The original article can be read here.

By Miriam Raftery

April 22, 2023 (Boulevard) – For more than two decades,  Donna Tisdale has been a champion for residents in San Diego’s backcountry, leading battles against massive energy projects and a dump. She started a nonprofit, Backcountry Against Dumps and chaired the Boulevard Planning Group every year since joining it in 1991. She’s filed countless lawsuits against a seemingly endless array of Goliath-scale projects and organized community opposition after San Diego’s East County was declared an energy corridor by the federal government.

But on April 12, Tisdale chaired her last public hearing, on the proposed Starlight Solar project.  In an email, she announced, “After 32 years of volunteer service defending our backcountry from many obnoxious projects, including the 600 acre Campo Landfill, the La Posta toxic waste incinerator, an alternate site for San Diego’s airport, and dozens of industrial wind and solar projects, I have resigned from the Boulevard Planning Group effective April 25.”

Tisdale and her husband, Joe, have sold their 120-acre ranch in Boulevard are moving to Oklahoma to be near family members in May. “It is hard to go,” she wrote, “but it is time to actually retire.”  She thanked  those who have supported her efforts over the years, adding, “It was a labor of love for me.”

She also issued a warning for community members. “Our Boulevard-Jacumba area is targeted for even more industrial wind and solar. If the community does not show up and speak out, the remaining Boulevard Planning Group members and County decision makers will assume that no one cares or you support this unhealthy industrial conversion of our beautiful backcountry…If you really care, you can apply for my vacant seat on the BPG so you can vote directly on these projects.” The next BPG meeting is Thursday, May 4 in the modular community room behind the Backcountry Resource Center.”

Former Supervisor Dianne Jacob in 2020 hailed Tisdale as a “backcountry warrior” who has worked to improve the community. “She has led the way, and often stood with me, as we worked to protect our backcountry from unscrupulous developers and corporate entities looking to exploit the land. She’s sued SDG&E over transmission lines, along with industrial wind and solar developers. She fought off huge landfill and industrial waste projects.  These battles haven’t always gone her way, but she’s someone you want on your side in a fight.”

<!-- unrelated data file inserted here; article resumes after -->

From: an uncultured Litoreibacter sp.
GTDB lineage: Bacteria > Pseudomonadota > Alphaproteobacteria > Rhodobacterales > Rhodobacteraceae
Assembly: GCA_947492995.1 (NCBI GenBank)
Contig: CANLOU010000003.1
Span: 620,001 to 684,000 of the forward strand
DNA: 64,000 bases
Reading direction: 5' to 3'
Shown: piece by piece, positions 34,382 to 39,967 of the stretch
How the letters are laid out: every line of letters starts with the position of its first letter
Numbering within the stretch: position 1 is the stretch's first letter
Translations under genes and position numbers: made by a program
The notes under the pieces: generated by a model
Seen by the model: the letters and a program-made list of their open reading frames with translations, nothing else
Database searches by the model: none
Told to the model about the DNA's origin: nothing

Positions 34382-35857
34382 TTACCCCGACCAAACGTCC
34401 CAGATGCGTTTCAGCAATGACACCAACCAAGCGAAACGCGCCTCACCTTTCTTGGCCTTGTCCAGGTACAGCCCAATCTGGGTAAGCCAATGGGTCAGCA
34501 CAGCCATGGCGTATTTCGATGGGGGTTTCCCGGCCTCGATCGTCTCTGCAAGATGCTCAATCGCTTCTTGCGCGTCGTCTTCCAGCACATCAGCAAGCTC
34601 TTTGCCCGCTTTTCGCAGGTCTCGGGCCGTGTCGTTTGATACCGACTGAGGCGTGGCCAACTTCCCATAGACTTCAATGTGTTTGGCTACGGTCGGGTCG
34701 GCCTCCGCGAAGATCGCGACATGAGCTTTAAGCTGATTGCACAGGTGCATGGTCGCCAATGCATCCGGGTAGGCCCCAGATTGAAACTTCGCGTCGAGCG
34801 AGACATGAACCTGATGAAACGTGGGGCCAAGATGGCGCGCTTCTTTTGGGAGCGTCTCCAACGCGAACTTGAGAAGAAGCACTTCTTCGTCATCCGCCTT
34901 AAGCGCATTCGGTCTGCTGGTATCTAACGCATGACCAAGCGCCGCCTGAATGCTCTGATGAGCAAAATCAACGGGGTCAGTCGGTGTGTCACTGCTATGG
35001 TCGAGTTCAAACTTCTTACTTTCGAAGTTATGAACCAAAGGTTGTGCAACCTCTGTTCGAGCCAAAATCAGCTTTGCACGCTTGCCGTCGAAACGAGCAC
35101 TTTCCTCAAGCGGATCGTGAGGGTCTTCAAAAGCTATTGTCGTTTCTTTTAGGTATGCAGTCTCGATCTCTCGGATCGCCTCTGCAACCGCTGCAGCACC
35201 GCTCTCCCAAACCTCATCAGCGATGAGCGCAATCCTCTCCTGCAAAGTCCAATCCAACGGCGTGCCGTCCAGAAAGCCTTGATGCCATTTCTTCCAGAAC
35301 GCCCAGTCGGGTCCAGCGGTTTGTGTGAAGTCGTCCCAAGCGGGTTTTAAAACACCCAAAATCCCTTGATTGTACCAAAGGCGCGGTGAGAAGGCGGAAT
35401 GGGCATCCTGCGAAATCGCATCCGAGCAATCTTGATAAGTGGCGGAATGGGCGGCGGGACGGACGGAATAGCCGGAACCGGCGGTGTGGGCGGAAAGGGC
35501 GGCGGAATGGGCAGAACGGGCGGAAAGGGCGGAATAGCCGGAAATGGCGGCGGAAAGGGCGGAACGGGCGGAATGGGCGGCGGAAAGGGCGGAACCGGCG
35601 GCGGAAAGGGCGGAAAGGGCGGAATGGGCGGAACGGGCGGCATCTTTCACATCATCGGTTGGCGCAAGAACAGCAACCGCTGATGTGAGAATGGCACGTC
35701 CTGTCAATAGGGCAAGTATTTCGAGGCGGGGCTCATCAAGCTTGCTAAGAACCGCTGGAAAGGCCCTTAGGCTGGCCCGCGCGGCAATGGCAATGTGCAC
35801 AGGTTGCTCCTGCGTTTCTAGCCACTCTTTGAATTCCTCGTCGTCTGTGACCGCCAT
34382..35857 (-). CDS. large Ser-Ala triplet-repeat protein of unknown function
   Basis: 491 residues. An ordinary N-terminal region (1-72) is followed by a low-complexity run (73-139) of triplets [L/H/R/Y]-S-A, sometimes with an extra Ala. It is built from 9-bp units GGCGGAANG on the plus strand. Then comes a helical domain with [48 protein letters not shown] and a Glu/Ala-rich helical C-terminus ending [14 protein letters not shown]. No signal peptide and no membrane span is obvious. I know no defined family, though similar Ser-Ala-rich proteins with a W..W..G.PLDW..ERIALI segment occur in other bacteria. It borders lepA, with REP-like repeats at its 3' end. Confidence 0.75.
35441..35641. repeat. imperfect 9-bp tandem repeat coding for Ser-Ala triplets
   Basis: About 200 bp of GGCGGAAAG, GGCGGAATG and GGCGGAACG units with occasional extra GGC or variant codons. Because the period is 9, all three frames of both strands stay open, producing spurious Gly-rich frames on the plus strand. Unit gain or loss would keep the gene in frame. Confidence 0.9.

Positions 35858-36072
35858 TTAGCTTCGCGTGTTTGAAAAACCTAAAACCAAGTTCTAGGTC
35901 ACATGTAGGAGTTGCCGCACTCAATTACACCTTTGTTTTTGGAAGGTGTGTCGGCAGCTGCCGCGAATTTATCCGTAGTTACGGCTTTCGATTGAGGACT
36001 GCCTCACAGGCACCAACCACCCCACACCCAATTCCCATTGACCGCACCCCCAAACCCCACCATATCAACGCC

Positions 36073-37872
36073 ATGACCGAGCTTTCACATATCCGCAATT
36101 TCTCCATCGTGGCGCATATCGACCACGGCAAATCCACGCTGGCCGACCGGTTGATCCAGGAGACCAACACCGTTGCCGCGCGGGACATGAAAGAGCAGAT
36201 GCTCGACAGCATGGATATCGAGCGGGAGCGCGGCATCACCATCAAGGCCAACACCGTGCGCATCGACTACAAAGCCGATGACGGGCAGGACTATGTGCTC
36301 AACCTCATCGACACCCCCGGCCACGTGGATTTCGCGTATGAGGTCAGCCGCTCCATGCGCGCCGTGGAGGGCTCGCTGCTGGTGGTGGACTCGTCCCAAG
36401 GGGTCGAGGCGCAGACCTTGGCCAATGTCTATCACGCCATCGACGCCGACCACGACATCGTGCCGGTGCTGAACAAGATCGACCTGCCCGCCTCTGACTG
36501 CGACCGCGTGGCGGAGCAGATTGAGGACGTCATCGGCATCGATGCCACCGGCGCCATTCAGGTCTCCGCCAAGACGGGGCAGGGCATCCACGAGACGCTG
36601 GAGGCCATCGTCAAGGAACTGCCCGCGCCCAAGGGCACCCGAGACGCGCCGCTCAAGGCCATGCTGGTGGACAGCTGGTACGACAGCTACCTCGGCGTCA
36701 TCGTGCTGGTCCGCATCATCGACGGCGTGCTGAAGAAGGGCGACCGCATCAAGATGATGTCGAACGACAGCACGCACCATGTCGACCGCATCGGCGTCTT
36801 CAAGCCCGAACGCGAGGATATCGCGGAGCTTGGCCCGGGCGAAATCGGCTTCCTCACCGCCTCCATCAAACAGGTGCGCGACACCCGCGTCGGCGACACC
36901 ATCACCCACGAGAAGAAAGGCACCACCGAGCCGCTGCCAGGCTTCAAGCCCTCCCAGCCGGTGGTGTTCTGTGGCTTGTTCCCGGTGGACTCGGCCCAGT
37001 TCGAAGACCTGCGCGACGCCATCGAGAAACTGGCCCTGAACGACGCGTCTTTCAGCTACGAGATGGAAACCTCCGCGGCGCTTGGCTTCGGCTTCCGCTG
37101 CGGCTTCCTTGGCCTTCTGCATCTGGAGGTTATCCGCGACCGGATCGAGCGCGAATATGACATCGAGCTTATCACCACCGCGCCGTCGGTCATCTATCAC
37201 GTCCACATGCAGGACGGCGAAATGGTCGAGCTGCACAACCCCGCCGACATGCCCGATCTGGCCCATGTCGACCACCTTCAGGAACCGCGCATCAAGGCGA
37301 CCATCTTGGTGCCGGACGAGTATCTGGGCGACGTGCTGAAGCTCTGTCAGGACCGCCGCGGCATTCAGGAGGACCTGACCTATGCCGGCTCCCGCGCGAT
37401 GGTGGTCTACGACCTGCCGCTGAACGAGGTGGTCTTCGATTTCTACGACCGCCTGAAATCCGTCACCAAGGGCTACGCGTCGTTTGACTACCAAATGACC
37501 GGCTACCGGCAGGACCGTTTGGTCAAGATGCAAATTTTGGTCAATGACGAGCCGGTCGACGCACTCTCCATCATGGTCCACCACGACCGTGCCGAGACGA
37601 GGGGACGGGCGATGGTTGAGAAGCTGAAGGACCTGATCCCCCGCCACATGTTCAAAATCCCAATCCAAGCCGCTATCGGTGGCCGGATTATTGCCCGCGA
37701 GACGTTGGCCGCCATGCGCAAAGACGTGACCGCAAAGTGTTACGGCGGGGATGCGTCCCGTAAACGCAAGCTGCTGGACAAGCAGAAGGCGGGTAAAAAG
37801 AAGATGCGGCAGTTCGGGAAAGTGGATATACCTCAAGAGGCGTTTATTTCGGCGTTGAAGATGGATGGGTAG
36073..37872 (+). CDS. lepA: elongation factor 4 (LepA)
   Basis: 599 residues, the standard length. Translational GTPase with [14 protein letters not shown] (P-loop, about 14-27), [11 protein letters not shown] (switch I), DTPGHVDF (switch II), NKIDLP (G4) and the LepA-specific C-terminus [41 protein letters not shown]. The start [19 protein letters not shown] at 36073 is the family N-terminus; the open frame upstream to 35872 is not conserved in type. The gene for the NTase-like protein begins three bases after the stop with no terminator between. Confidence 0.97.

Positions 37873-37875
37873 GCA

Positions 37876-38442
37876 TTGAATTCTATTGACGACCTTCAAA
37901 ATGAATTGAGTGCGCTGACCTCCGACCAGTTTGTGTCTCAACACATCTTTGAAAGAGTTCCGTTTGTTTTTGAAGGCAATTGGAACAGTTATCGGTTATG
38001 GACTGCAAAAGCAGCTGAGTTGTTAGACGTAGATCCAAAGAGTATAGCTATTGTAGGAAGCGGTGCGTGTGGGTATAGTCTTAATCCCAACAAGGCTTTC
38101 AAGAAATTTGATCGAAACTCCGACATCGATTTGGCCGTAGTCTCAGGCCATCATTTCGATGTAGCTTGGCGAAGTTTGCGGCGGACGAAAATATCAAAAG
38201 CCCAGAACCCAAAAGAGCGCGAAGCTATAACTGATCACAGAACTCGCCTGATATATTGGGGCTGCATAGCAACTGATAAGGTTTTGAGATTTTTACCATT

East Count Magazine twice named Tisdale “Newsmaker of the Year” for her tireless efforts to battle massive energy projects and stand up for rural residents. She also received the People’s Mic Award from KNSJ  radio for her advocacy on behalf of backcountry residents.

Community leaders past and present have shared their gratitude for Tisdale’s efforts.

Billie Jo Jannen, Chair of the Campo-Lake Morena Community Planning Group, told ECM, “I admire Donna and am really not happy to see her go, but I’m happy for her…She was a tremendous source of information,” she said, adding that Tisdale read each County Board of Supervisors agenda and would give Jannen a heads up on major projects in the pipeline.

She recalled that when Tisdale first joined the Boulevard Planning Group back in 1991,  “She didn’t have anything to do with energy projects…Basically there was nobody else to step up to fight the landfill, so she did….She taught us all a valuable lesson, that if someone is bringing in some God awful thing that’s going to ruin your town, drive ‘em broke…they can only put money in for so long.”

Former La Mesa  Mayor Art Madrid posted on Facebook, “Donna was way ahead of her time regarding environmental issues. She was focused and pragmatic. Each time she appeared before the SANDAG (San Diego Assoc. of Governments) board she intimidated some of the members because of her vast, in-depth knowledge of issues and practical solutions.  It’s sad that champions like her are few and far between. It’s not just her community that will lose a fighter, but the entire region.”

Activist Jay Warren posted, “Donna inspired me to get involved and push back on destructive projects that would harm our beautiful backcountry.  Thank you, Donna.”